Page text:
WAVERLY — Last month, the State of Ohio Board of Pharmacy issued provisional medical marijuana dispensary licenses to 70 prospective operations in the state.
Among the list was Southern Ohio Botanicals, who is now believed to be the first medical marijuana dispensary in Pike County.
In a Tuesday interview with The News Watchman, Bryan Roberts said he and his fellow co-owners- Josh Smith and Arthur Robbins- view their venture as a way to combat an epidemic that has ravaged southern Ohio.
“We just want to have the biggest impact in our local community to help curb the opiate addiction,” he said, the three all local to the county. “We’ve all been touched by opiates in this area, in one facet or another, so that’s why we focused on this area.”
The business is going to set up shop just 2.5 miles north of town on U.S. 23 and will house a 5,400-square foot building. Roberts said they hope to employ 15 to 20 workers at the start.
The picture for its overall economic impact will not be fully known until Southern Ohio Botanicals opens it doors. Still, Roberts said the early projection is the operation to bring in $5 to $10 million per year.
The dispensary’s promotion of medical cannabis, as far as helping with opioid addiction, comes as the U.S. Food and Drug Administration approved the trial use of an investigational new drug called Nantheia ATL5 for opiate addiction.
According to Forbes, the drug is an oral product which contains 100 mg of CBD per capsule and would be used in the trial conducted at the University of California, Los Angeles. Full approval for cannabis use with opioid use disorder treatment, however, is lacking from the FDA “due to a lack of rigorous research,” according to the Recovery Research Institute.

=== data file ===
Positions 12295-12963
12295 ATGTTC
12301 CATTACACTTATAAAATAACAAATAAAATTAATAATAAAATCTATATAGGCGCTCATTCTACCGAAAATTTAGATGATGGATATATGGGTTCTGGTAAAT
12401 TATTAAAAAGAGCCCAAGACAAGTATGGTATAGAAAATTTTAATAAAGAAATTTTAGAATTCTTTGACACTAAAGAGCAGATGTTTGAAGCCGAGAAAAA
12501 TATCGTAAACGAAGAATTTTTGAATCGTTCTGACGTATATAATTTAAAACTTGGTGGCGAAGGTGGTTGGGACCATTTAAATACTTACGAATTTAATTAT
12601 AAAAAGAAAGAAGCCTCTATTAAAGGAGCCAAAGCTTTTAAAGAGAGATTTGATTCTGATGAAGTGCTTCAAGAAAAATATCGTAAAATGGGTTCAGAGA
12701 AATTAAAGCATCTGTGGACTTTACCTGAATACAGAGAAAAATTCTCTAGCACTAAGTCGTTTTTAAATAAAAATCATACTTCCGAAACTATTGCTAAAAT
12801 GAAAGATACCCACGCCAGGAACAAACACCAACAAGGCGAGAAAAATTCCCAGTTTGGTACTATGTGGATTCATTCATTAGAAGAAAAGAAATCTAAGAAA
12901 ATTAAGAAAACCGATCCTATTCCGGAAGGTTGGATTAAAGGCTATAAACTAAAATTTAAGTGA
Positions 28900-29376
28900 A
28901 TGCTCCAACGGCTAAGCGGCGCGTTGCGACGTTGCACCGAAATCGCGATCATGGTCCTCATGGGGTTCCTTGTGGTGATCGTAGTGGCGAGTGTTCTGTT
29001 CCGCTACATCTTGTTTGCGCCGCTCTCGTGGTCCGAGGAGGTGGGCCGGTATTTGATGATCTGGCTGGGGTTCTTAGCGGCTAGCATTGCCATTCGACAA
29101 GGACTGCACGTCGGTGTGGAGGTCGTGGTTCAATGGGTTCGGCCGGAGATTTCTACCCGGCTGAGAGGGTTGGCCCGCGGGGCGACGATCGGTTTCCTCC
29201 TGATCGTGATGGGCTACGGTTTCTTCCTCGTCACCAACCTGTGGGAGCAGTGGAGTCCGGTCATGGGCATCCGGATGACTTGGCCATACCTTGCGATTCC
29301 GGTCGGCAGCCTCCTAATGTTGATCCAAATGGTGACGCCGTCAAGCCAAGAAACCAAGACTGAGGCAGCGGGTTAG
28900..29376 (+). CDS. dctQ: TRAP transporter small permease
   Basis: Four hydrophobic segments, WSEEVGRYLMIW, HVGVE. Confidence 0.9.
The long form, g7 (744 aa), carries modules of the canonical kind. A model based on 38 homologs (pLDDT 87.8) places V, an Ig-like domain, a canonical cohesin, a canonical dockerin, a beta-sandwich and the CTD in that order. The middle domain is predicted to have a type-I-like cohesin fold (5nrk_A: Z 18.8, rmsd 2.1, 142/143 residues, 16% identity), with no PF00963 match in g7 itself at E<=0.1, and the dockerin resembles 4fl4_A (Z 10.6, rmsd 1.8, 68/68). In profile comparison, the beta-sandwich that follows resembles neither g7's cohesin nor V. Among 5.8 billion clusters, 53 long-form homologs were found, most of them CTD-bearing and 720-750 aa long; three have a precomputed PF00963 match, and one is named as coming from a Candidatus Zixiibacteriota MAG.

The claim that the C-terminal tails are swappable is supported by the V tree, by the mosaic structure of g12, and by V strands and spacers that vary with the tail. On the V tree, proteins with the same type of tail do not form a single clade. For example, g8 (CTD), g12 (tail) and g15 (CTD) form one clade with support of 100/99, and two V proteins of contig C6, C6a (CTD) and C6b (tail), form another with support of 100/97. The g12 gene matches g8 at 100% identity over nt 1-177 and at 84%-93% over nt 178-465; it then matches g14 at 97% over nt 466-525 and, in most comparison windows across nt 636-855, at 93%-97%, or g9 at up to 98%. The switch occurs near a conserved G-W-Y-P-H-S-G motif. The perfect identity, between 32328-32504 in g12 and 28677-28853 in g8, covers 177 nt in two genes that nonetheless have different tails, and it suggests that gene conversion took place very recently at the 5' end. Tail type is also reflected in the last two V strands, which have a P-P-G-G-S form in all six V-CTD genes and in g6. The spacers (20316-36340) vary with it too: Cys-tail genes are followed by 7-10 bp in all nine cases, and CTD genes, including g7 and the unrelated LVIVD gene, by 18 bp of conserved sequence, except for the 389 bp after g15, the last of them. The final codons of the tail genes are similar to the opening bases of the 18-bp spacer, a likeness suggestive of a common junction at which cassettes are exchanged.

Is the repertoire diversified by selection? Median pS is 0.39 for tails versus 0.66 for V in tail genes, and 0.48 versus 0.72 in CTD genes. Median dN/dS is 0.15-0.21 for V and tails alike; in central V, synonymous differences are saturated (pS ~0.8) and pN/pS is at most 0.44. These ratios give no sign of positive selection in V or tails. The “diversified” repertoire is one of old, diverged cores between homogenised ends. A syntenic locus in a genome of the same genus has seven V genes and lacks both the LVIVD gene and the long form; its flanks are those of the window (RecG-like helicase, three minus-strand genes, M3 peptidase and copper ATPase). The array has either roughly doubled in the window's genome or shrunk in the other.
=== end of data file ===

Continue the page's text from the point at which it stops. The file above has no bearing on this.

Opioids have been particularly damaging to Pike County and Ohio in recent years. According to the Ohio Department of Health, 2020 was the most lethal year for unintentional drug overdose deaths.
ODH revealed this in its 2020 Drug Overdose Annual Report where 5,017 Ohioans died that year- a 25% increase from the prior year. Pike County had 21 deaths in 2020, a 50% increase from 2019.
Already, Roberts said the group has met with the Pike County Commissioners to give them a heads-up on their operation. He is also hoping to meet with local law enforcement in the near future.
Ohioans could see recreational marijuana in the near future, dependent on whether the Coalition to Regulate Marijuana Like Alcohol can get enough signatures to place it in on the 2023 ballot.
What full legalization would means to Southern Ohio Botanicals is “to be determined,” said Roberts, as it depends on how the State of Ohio Board of Pharmacy would proceed following an affirmative vote.
“I would anticipate there would be a place for current licensees to expand into the recreational market,” he said. “But as far as the actual laws right now, there’s nothing in place.”
As of April 30, the Ohio Medical Marijuana Control Program reports that there are 271,029 registered patients in the state.